Karl is very talented at making irrational decisions. When he was fourteen, he set a match to a large box of Fourth of July fireworks, leaving his left ear completely deaf. He spent the next eleven years making more reckless decisions that would lead up to this very moment. Karl started to wonder what was after death. He wanted to know. He slid into Baby Blue, his 1986 Audi. Karl had always had an obsession for the 1980’s. He drove briskly to a small bridge over a small creek in a small park. Karl and his friends used to come to this small park in the 11th grade to drink large amounts of cheap beer under the small bridge. Once they we all too inebriated they would spend nights on end finding comfort on pillow shaped rocks and using ripped paper bags from the liquor store as blankets.
Karl parked his blue car in a patch on yellowing grass and sat in the car. He imagined the white noise rolling over his stiff body. He shivered as the silence stung his spine. He opened his glove compartment and collected a post-it note and random blue razzleberry crayon from an Italian restaurant. His nephew had left it behind.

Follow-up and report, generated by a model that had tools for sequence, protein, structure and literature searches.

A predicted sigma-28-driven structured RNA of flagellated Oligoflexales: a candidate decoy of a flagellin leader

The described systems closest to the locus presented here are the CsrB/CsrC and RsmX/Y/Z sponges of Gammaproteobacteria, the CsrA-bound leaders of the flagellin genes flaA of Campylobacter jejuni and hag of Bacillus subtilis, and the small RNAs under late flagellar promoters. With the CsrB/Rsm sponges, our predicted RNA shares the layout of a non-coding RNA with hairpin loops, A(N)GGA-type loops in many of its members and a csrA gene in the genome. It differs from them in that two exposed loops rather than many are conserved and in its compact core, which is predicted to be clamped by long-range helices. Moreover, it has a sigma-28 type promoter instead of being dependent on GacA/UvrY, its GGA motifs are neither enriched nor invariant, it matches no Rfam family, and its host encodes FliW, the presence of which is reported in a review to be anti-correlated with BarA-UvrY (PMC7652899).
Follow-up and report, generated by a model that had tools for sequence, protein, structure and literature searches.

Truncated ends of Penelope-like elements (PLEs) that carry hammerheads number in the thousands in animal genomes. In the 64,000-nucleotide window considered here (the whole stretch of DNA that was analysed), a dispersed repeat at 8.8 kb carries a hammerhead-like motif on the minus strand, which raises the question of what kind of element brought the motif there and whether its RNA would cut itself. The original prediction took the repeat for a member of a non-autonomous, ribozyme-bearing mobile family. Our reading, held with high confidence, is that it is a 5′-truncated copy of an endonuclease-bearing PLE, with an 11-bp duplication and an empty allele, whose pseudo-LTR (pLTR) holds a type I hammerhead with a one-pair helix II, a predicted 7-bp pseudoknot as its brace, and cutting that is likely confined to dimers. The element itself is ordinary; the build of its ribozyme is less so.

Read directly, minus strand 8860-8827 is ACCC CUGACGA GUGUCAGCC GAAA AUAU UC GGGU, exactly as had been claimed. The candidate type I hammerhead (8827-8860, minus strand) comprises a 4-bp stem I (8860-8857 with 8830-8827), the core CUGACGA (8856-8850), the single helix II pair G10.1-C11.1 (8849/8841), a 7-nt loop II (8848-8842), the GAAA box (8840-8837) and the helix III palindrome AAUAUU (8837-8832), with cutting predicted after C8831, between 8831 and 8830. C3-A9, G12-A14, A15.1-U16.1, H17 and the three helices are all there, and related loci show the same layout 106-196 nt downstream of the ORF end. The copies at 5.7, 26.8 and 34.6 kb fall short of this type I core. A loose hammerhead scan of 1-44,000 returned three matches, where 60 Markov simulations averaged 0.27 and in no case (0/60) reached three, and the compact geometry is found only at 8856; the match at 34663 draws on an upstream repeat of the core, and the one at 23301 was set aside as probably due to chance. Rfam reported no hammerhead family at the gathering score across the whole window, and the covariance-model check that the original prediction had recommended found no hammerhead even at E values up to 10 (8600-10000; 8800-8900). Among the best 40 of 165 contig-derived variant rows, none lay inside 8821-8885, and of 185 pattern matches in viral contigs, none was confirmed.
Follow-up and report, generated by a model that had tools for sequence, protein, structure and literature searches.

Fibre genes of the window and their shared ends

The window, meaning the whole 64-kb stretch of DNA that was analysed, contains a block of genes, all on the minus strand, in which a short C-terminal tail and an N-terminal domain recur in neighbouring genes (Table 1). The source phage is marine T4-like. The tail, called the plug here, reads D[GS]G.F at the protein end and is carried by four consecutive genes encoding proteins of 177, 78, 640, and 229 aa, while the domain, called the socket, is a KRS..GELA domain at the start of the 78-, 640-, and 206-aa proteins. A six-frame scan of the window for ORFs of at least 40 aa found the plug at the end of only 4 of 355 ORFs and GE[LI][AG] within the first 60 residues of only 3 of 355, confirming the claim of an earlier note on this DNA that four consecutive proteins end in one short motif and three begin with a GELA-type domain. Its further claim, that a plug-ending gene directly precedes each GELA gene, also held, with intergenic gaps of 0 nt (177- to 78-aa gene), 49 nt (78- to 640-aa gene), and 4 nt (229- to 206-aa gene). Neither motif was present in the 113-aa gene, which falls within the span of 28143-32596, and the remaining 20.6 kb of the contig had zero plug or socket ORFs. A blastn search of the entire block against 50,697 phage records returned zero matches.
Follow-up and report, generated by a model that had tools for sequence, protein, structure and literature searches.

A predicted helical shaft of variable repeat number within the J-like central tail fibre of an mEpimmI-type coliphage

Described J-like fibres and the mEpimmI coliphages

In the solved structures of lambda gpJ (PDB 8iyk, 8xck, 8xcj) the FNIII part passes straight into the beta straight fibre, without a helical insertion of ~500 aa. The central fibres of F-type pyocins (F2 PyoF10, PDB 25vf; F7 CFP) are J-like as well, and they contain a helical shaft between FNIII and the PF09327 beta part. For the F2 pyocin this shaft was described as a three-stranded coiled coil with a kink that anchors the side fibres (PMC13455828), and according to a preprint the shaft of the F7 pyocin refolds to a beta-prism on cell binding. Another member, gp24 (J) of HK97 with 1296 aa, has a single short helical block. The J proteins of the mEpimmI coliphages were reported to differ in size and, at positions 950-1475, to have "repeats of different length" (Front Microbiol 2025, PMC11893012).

He wrote “I am stuck in my head. I haven’t always been this sad. Just confused. With all the love in the world.” He signed his name with a curling K and rubbed the adhesive of the pink post it on the horn of the wheel. He walked slowly to the small bridge, as wide as a school bus but as tall as a three story house. He stepped over the sharp metal fence that held him back from an impact of death. He fell from a perfect swan dive, (he had taken diving lessons at his local YMCA when he was 12). A long beige hand caught a young and naïve Karl. He saw himself from an eagle’s eye view. Bouncing like a popcorn seed in a microwave, the palm stretching below as an elastic trampoline caught his small body from the impact of jagged boulders and stones.
Karl had just died, and lived his whole life over again in a span of 4 seconds. His mind had gained an abundance of clarity. He understood there is nothing to understand. Karl was no longer confused or distressed. Karl was content.